LESSON PLAN - Ecological Viewpoints: Connecting with Nature

LESSON PLAN - Ecological Viewpoints:
Connecting with Nature
EALRS: (Reading 3) The student reads from material for a variety of purposes.
(Communication 1) The student uses listening and observation skills to gain understanding.
(Communication 2) The student communicates ideas clearly and effectively. (Communication 3)
The student uses communication strategies and skills to work effectively with others.
(Communication 4) The student analyzes and evaluates the effectiveness of formal and informal
GRADE LEVEL: Secondary
BASIC CONCEPTS: Native peoples’ intellectual and experiential insights into the workings of
nature and proper human relationships with the natural world.
ORGANIZING GENERALIZATION: Very different societies, living in very different
environments and using very different philosophical approaches, have nevertheless evolved
similar understandings of their fundamental ties to their natural environment.
TIME PERIOD: Pre-historical to present-day.
BACKGROUND: This lesson provides indisputable evidence of the depth, irreplaceability, and
contemporary relevance of traditional Native knowledge. These stories are not only insightful
and inspirational but do represent profoundly different notions of humans’ relationships with
Nature. The rapid and catastrophic degradation of the planetary biosphere has been the main
catalyst for a radical reassessment of the power and limits of scientific insight and application.
“Parts of Nature and other systems have been shown to interact synergistically so that the actions
and properties of a system as a whole cannot be predicted on the basis of what is known about its
individual components. Thus, while science yields powerful insights into isolated fragments of
the world, their sum total is a disconnected, inadequate description of the whole. Ironically,
scientists today are faced with the devastating possibility that the whole is greater than the sum
of its parts.” p. xxix
Students will: (Reading 3.3) read for literary experience, (Communication 1.2) listen
and observe to gain and interpret information, (Communication 2.2) develop content and ideas,
(Communication 2.5) effectively use action, sound, and/or images to support presentations,
(Communication 3.1) use language to interact effectively and responsibly with others, and
(Communication 4.2) seek and offer feedback.
Students will: read accompanying stories and construct presentation to express
understanding of materials or message.
Students will: read critically to analyze, compare and contrast works of various authors
and to understand multiple perspectives and issues of self, others, and world issues, interpret and
draw inferences from verbal and non-verbal communication, use a variety of content to convey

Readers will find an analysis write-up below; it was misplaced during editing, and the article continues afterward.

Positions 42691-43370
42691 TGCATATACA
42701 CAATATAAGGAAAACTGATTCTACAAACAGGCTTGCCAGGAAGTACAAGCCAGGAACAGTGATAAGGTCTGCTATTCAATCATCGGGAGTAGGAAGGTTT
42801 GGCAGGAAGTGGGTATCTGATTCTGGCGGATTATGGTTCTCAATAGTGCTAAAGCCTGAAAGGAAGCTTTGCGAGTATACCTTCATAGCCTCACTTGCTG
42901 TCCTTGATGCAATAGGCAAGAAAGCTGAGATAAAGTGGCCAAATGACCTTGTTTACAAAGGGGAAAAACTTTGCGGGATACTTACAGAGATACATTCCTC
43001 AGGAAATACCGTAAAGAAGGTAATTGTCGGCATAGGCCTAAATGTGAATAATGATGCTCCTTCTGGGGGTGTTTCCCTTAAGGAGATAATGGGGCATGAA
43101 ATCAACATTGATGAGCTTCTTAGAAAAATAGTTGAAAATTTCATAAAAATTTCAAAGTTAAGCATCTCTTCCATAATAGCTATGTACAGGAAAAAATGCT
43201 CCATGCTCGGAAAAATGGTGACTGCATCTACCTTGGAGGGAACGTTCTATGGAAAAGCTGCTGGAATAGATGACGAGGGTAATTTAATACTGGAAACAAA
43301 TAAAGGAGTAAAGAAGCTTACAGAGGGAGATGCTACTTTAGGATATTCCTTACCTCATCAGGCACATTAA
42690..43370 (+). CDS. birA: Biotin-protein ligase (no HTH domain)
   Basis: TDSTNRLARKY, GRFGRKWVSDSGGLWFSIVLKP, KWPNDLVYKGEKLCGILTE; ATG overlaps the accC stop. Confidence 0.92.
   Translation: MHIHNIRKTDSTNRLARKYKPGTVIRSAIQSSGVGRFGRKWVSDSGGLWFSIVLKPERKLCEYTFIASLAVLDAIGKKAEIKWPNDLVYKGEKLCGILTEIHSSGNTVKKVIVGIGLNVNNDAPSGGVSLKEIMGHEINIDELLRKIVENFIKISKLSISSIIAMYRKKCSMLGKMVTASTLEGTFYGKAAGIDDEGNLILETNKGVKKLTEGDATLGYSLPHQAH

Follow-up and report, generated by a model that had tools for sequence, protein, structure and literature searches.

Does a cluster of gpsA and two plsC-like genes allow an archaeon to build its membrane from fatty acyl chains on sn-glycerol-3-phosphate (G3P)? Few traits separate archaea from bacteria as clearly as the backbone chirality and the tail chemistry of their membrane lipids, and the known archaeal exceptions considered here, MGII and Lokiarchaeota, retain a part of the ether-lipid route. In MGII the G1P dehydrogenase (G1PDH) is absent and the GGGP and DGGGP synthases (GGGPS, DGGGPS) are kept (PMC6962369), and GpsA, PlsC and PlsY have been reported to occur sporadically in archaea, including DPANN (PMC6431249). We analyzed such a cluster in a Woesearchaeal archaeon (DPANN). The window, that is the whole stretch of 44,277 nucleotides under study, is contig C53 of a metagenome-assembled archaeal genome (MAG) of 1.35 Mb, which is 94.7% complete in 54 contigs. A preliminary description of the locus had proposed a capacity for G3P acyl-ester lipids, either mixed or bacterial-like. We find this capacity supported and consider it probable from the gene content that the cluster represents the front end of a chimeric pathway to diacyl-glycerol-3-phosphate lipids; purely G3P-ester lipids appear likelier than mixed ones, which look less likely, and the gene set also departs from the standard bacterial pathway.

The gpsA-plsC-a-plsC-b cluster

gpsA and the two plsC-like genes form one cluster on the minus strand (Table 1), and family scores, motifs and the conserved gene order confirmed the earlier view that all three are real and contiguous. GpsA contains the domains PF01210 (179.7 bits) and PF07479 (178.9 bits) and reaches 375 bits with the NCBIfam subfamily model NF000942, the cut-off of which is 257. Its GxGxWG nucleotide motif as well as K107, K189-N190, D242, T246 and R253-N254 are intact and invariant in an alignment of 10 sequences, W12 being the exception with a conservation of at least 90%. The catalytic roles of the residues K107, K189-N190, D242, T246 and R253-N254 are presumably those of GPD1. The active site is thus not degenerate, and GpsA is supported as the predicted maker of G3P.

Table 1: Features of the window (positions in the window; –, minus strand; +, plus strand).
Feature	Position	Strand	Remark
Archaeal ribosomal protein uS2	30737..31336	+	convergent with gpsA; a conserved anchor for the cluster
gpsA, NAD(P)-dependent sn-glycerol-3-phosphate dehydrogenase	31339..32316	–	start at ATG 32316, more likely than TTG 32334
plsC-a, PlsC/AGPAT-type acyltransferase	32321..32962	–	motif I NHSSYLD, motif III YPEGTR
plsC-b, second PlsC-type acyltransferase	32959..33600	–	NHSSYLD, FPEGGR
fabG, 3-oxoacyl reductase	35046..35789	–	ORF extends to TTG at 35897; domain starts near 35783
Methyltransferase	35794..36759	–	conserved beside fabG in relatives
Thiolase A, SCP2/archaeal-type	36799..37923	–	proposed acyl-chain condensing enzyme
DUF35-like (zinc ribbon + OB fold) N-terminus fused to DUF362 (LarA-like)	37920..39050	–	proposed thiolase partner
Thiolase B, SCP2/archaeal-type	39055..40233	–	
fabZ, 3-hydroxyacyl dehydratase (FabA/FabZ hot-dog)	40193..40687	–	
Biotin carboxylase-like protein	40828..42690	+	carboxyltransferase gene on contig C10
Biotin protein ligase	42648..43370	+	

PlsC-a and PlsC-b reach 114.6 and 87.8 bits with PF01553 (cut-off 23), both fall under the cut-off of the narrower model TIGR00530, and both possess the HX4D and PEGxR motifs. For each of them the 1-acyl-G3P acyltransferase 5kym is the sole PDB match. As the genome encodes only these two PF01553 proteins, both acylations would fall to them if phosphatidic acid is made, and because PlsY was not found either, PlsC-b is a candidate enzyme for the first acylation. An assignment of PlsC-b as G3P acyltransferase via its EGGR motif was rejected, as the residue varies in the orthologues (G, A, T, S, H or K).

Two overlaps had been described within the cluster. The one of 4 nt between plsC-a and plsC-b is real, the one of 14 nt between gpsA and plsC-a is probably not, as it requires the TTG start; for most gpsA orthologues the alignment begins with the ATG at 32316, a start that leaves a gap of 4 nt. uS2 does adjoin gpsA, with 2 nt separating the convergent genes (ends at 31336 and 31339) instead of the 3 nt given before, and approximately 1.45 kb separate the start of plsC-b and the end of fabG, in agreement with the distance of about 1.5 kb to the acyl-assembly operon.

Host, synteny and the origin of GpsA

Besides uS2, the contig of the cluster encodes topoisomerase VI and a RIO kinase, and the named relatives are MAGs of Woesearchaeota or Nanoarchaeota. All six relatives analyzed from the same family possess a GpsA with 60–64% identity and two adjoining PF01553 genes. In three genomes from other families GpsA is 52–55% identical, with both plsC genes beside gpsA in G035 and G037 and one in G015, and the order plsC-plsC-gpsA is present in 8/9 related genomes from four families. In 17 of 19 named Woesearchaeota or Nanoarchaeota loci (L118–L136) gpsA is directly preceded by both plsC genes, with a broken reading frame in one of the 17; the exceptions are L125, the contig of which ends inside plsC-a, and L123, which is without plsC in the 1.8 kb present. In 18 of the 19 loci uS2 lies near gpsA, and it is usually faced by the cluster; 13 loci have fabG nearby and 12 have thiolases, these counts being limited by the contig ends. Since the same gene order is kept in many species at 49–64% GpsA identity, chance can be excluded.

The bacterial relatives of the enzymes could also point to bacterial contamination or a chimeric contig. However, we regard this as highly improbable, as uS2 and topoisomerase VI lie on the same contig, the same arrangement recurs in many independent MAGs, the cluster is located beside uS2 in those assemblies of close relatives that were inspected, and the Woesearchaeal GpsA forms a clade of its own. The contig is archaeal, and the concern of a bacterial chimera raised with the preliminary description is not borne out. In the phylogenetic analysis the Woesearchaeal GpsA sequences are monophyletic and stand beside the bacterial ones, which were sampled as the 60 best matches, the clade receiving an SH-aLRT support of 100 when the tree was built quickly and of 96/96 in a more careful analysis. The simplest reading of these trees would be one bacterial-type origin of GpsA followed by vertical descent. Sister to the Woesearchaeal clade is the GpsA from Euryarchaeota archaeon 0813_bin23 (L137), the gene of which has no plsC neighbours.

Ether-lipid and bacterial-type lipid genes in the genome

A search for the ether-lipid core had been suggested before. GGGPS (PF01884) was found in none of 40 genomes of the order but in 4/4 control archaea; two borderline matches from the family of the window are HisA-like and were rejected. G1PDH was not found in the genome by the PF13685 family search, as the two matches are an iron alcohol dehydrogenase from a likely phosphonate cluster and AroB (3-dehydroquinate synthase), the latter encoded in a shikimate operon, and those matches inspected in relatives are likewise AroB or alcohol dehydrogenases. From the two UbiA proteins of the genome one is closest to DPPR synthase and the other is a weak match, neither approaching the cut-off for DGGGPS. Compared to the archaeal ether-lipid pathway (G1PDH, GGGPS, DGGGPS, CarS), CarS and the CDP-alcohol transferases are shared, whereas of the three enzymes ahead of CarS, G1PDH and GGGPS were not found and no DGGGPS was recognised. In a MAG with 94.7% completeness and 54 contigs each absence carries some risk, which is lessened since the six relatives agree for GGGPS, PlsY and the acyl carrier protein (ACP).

messages to a chosen audience, communicate message through oral, artistic, graphic and/or
multimedia presentation, show awareness of cultural premises, assumptions, and world view in
order to effectively communicate cross-culturally, and seek, evaluate, accept, and apply
ACTIVITIES: Students will read the stories included in this lesson (reading these stories aloud in
class and defining terms that are difficult would help in the dissemination of this information), a
classroom discussion about environmental concerns that we are now facing. The teacher could
either copy the Universal Declaration on the Rights of Indigenous Peoples onto a transparency or
pass out copies and ask students to find articles in magazines, newspapers, books, or the Internet
that illustrate any one of the working paragraphs. They should do a presentation of their
findings, which could be better represented through the various forms listed in the Values section
of this lesson.
EXTENSIONS: Students should bring their presentations to the larger student body, either
through an assembly, another classroom, or by making a gallery of their presentation materials.
EVALUATION: Most students will find this lesson timely and relevant to the concerns they
have about their environment. Larger or more local projects could be identified for further study.
Contact local area tribal representatives for information about their present projects, concerns, or
issues they are working on for assistance.
MATERIALS/ RESOURCES: from Wisdom of the Elders: Sacred Native Stories of Nature by
Suzuki & Knudson, -Indigenous People - Caretakers of All Life - p. 235 & Communicating a
Sense of the Sacred -p. 233
Excerpt from UN draft Universal Declaration on the Rights of Indigenous Peoples - Appendix